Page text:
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The Host’s Guide to Champagne for the Holidays

Seven Champagnes we can't resist popping for a party.

champagne bottles Photo: Will Anderson

Nothing says party like a glass of Champagne spritzing its delightful and delicate essence into the air. Each sparkling sip lights up the eyes and elicits smiles—when the wine is worthy, of course. And these seven bottles certainly are: a mix of the new, the known, the beautiful, and the rare. Each is paired with the accessories that best show it off—from silver buckets to coasters and crystal—and ensure the ideal toast for the occasion.

Champagne Nicolas Feuillatte 2006 Palmes d’Or Brut

We love this distinct dimpled bottle, but even more, we appreciate the approachable yet fine golden elixir within. In the Champagne world, Champagne Nicolas Feuillatte is a newer kid on the block (42 years old) but a powerhouse in France and around the globe, outselling almost everyone else—and it’s not just about marketing, though they’re good at that, too, as evidenced by the brand’s salon and tasting room in Paris, one of few in the City of Light. We appreciate the wine for its tropical-fruit and melon flavors coupled with a classic toasted-brioche overlay. ($130-155)

Dom Pérignon 2008

There’s no question that Dom—that’s all the name you need—is a reference point for superior Champagne. It must have something to do with that 17th-century Benedictine monk, Dom Pierre Pérignon, huddling in the abbey cellar, noodling around with better pressing techniques, better bottles, better blends. The 2008 reinforces the bar. In a cool growing season, the winemakers were able to delay harvest to soften aggressive structure and develop enough ripeness in the fruit. There’s perfect tension in the wine between energy and creaminess, green apple crispness, and a nutty brioche character that unfolds in layers. ($180)

Le Chemin du Roi Rosé

Connoisseurs might have reservations about a celebrity’s newly launched wine, but rest assured, this is excellent bubbly—with the added wattage of star power. Connecticut resident Curtis Jackson, aka hip-hop artist 50 Cent, spent years scouting France for a producer who could meet the quality he was looking for. He found it in Reims-based Champagne Castelnau, and this fall Le Chemin du Roi—French for “the path of the king”—made its debut. The rosé is a blend of 45 percent Pinot Meunier, 40 percent Chardonnay, and 15 percent Pinot Noir, and is made from first-press juice, as all great Champagnes should be. Ripe cherries on the nose give way to marzipan on the palate, with just enough acid to give it a refreshing liveliness. ($325)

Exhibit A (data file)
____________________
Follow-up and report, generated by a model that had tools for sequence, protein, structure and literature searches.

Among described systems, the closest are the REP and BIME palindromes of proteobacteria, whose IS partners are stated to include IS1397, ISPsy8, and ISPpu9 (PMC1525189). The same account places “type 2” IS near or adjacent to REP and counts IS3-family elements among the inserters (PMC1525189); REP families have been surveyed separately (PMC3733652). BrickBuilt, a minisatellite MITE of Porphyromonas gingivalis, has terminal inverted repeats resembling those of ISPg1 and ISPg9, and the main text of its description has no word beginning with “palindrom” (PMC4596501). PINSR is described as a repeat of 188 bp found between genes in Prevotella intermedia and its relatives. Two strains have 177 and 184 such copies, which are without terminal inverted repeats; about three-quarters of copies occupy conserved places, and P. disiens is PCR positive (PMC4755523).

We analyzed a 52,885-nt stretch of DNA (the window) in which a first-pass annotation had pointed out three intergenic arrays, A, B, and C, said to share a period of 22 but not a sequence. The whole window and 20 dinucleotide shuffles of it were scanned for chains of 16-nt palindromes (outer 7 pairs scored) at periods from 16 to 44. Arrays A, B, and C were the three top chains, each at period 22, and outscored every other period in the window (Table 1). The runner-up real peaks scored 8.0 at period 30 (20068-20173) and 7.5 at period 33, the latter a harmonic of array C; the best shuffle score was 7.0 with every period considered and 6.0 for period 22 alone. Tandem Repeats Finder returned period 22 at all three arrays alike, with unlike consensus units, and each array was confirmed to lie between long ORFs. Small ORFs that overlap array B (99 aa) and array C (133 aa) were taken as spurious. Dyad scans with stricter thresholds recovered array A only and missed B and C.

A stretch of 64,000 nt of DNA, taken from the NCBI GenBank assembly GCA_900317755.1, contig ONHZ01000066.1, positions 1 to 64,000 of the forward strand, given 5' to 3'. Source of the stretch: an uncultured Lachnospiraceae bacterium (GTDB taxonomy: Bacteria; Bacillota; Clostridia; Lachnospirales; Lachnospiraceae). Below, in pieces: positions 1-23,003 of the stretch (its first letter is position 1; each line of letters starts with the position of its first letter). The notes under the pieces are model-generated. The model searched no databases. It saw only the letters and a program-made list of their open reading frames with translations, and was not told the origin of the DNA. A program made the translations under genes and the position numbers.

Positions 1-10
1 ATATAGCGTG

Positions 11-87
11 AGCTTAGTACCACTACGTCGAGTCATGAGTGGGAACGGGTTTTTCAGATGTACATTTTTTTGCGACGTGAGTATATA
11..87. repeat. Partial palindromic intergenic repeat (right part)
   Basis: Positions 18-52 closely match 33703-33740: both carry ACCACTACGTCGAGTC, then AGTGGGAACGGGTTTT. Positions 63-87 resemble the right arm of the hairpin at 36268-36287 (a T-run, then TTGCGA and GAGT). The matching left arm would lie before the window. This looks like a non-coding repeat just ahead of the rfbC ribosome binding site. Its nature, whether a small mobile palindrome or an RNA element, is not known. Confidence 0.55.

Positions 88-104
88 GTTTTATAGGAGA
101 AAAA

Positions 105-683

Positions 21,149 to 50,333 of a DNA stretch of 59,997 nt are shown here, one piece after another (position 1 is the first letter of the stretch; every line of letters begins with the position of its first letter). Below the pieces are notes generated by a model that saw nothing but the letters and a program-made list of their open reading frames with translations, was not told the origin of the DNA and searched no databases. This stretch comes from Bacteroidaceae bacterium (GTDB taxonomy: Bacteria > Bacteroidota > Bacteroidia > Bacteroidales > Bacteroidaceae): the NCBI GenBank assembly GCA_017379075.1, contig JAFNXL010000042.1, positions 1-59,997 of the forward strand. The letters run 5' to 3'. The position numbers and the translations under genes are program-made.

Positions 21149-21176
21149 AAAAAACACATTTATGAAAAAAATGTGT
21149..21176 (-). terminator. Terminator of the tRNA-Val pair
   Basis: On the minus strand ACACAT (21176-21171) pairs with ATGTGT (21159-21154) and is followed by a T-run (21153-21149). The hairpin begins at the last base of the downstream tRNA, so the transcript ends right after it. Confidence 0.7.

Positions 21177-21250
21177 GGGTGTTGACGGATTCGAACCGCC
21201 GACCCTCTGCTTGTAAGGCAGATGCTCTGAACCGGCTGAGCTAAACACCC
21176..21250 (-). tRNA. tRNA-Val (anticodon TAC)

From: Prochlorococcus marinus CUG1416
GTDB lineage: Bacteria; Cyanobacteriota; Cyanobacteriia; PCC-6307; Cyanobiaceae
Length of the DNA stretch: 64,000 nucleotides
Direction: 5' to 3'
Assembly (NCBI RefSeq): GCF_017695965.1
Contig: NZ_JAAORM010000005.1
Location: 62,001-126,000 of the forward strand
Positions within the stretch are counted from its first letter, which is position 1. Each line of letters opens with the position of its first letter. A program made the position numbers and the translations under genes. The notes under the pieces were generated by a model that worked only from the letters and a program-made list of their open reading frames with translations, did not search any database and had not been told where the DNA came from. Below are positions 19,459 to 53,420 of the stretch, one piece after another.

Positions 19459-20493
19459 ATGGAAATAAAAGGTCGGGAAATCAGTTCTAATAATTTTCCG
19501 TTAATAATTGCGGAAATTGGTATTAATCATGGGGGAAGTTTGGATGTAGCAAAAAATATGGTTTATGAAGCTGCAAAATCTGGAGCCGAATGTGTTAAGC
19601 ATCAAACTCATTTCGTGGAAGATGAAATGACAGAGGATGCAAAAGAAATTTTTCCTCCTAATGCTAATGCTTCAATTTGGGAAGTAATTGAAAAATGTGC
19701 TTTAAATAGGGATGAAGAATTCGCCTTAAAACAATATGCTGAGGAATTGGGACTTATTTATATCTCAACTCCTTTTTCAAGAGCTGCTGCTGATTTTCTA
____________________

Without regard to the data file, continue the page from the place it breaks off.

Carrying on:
Veuve Clicquot and Rare champagnes

Veuve Clicquot and Rare Champagnes  Photo: Will Anderson

Veuve Clicquot 2008 La Grande Dame Brut Rosé

Cellar master Dominique Demarville has done for Veuve Clicquot what no other maison in Champagne has yet dared to do: He’s created a prestige cuvée made almost entirely from Pinot Noir grapes (92 percent). He was inspired by both the beautiful Pinot Noir harvest in 2008 and the brand’s history—the grape has dominated Veuve Clicquot Champagnes since Madame Clicquot made the first blended rosé in 1818. This wine is delicate on the nose with notes of strawberry, and on the palate, there is a clean minerality. Its silky texture has an acidic freshness and depth from the nine years spent aging in the bottle. ($300)

Rare Champagne Le Secret

This exquisite wine was part of a hidden stash that Rare chef de cave Régis Camus secreted away in 1997 in the oldest chalky caves of Piper-Heidseick, at the edge of Reims in Champagne. It is only the ninth vintage created of Rare, which is made only in the most exceptional years, since the first in 1976. After a 20-year second fermentation exclusively in magnums, this Champagne is truly a rare sip: No sugar was added (a rare exception in itself) or needed, so the cuvée’s acid and natural sweetness combine as dry, tropical fruits and a unique licorice flavor. It’s so fresh and lively, it’s hard to believe the wine is 20 years old. Only 1,000 numbered magnums—each adorned with an 18-karat gold plate—were bottled, so this is a very limited release. ($2,000)

Moët & Chandon and Taittinger champagnes

Moët & Chandon and Taittinger Champagnes  Photo: Will Anderson

Moët & Chandon MCIII

Here’s a Champagne house that never met a large-format bottle it didn’t love. As head winemaker Marie-Christine Osselin puts it, “A regular 750 [milliliter] is just a half-magnum for us.” The newest wine they’ve put in magnum—the MCIII prestige cuvée—eludes all reference points for Champagne. It includes six vintages, aged in three different materials: metal, wood, and glass. And it involves other firsts, like being disgorged and blended with a little still wine. The result is mind-blowing complexity—bright fruitiness belies a velvety mouthfeel and elegant maturity layered with dried apricot, apple, and toast. ($650)

Taittinger Comtes de Champagne 2007 Blanc de Blancs

Only the 35th declared vintage since Taittinger created this singular blanc de blancs in 1952, the 2007 is a superb expression of a wine that, through time, has caught the attention of such disparate luminaries as Nikita Khrushchev and Ian Fleming. The blend, in the end, is from Chardonnay grown only in grand cru vineyards in Champagne’s Côte des Blancs, with a very small percentage spending a few months in new oak barrels, for the complexities of mouthfeel and toast. With 10 years on the lees, the 2007 opens with lovely brioche notes under red pear and white blossoms. Surprisingly fresh and juicy apple flavors give way to rich lemon crème brûlée, chalky minerality, and a pleasant salinity. ($152)

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